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A Focus on Safety: The Role of Smart Pigs

Now that the Dakota Access Pipeline project has been given the green light across all four states along its route, voluntary conservation measures can begin, and construction is expected to follow soon after. As was shared at the deliberation hearings in Iowa, the pipeline will have numerous safety measures in place to maintain its integrity. One of the technologies that will be used on the pipeline is the smart pig.

Smart pigs are sophisticated instruments sent through pipelines to monitor the state of the pipeline and to clean its interior. “Pigging”, as it is called sometimes, eliminates the need to flush pipelines and helps gather thousands of data points to help identify any potential for problems.

Having evolved from simple wire brush units, smart pigs have turned into sophisticated instruments that gather vital information, and are just one of the many tools that modern pipelines are inspected with to assure safety and reliability.


Labor Leader: Let’s Start Building Dakota Access

After the unanimous decision of the Iowa Utilities Board to approve the application of the Dakota Access Pipeline, labor member Ryan Hollinrake, an outspoken advocate of the project’s benefits for Iowa’s skilled trade members, took to the pages of The Des Moines Register and Newton Daily News to encourage a quick start to the project:

Now that the Iowa Utilities Board has approved the Dakota Access pipeline’s 343-mile segment across the state, let’s hope this environmentally sound and economically valuable project can get started without further delay. The IUB deserves credit for its thorough research on the pipeline and the extensive efforts it made to give Iowans a chance to voice their opinions.

Despite some loud and well- organized protest groups, it’s pretty clear that a majority of Iowans support this project. That includes 80 percent of the landowners whose property will be crossed by the underground pipeline. Iowans tend to be practical people and most of us recognize that the DAPL is a multi-billion dollar investment in vital infrastructure that will provide vital public benefits that is financed with private funds.

The nation needs to expand its energy transport network and Iowa can certainly benefit from the $1 billion investment being made in our state. Additionally, the $27 million in property taxes will certainly help our state provide necessary services for communities along the route. It appears, that once again, the people have indeed spoken.

It is estimated that between 2,000 and 4,000 workers will be assembling the Iowa portion of the Dakota Access Pipeline. Energy Transfer Partners has agreed to source at least half of the workers from local union halls.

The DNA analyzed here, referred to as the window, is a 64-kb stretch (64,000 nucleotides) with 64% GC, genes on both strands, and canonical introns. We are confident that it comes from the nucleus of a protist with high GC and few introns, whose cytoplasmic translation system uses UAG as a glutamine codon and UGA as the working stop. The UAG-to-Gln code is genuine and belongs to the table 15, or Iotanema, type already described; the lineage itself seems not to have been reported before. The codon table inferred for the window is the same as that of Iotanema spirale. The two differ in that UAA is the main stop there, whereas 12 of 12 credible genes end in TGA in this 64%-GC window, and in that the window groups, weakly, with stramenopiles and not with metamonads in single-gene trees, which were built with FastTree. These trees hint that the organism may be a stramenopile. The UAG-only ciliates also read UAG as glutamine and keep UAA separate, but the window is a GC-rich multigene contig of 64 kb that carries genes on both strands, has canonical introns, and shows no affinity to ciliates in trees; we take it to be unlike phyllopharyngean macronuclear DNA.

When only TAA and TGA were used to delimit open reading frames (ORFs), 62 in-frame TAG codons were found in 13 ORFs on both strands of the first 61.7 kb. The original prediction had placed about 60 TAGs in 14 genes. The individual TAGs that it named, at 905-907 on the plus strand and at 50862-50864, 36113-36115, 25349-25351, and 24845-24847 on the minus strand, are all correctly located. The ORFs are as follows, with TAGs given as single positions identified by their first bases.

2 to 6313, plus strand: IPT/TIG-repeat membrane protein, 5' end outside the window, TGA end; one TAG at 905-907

MAIN Coalition Chairman on WNAX: IUB Pipeline Approval the “Right Decision”

Following the unanimous decision of the Iowa Utilities Board to approve the Dakota Access Pipeline, MAIN Coalition Chairman appeared on Yankton, SD-based radio station WNAX to comment on the decision:

The leader of the Midwest Alliance for Infrastructure Now says the Iowa Utilities Board made the proper decision approving the permit for the Dakota Access Pipeline. Ed Wiederstein says the approval was based on the fact Energy Transfer Partners was able to get easements from enough farmers to move ahead following the regulatory process.

He says the project is a win-win for the landowners, the state and the company and it lessens the dependence on foreign sources of energy.

Wiederstein says opponents to the project have their work cut out for them should they challenge the Board decision in court.

Ed Wiederstein has been actively leading the MAIN Coalition in advocating for increased energy infrastructure spending, speaking for MAIN’s labor, agricultural, and manufacturing members.

Hear clips of the interview here.


Iowa DNR Approves Permit for Dakota Access Pipeline

Shortly after the Iowa Utilities Board unanimously approved the Dakota Access Pipeline, the Iowa Department of Natural Resources issued its own permit, authorizing the pipeline to cross publicly-owned land in the state. The press release from DNR stated:

A permit from the DNR would allow Dakota Access to construct the pipe line across the Big Sioux River Complex Wildlife Management Area in Lyon County as well as borings for the pipeline under the Big Sioux River in Lyon County, the Des Moines River in Boone County and the Mississippi River in Lee County.

“We have thoroughly reviewed this application and do not find any long-term negative impact to the environment or natural resources,” said DNR Director Chuck Gipp.(…)

“Iowa has thousands of miles of pipeline underground including many that are under public property. This request and the subsequent permit we would be issuing is not precedent setting,” said Gipp.

In fact, if constructed, the pipeline across the Sioux River Complex Wildlife Management Area would parallel an existing natural gas line.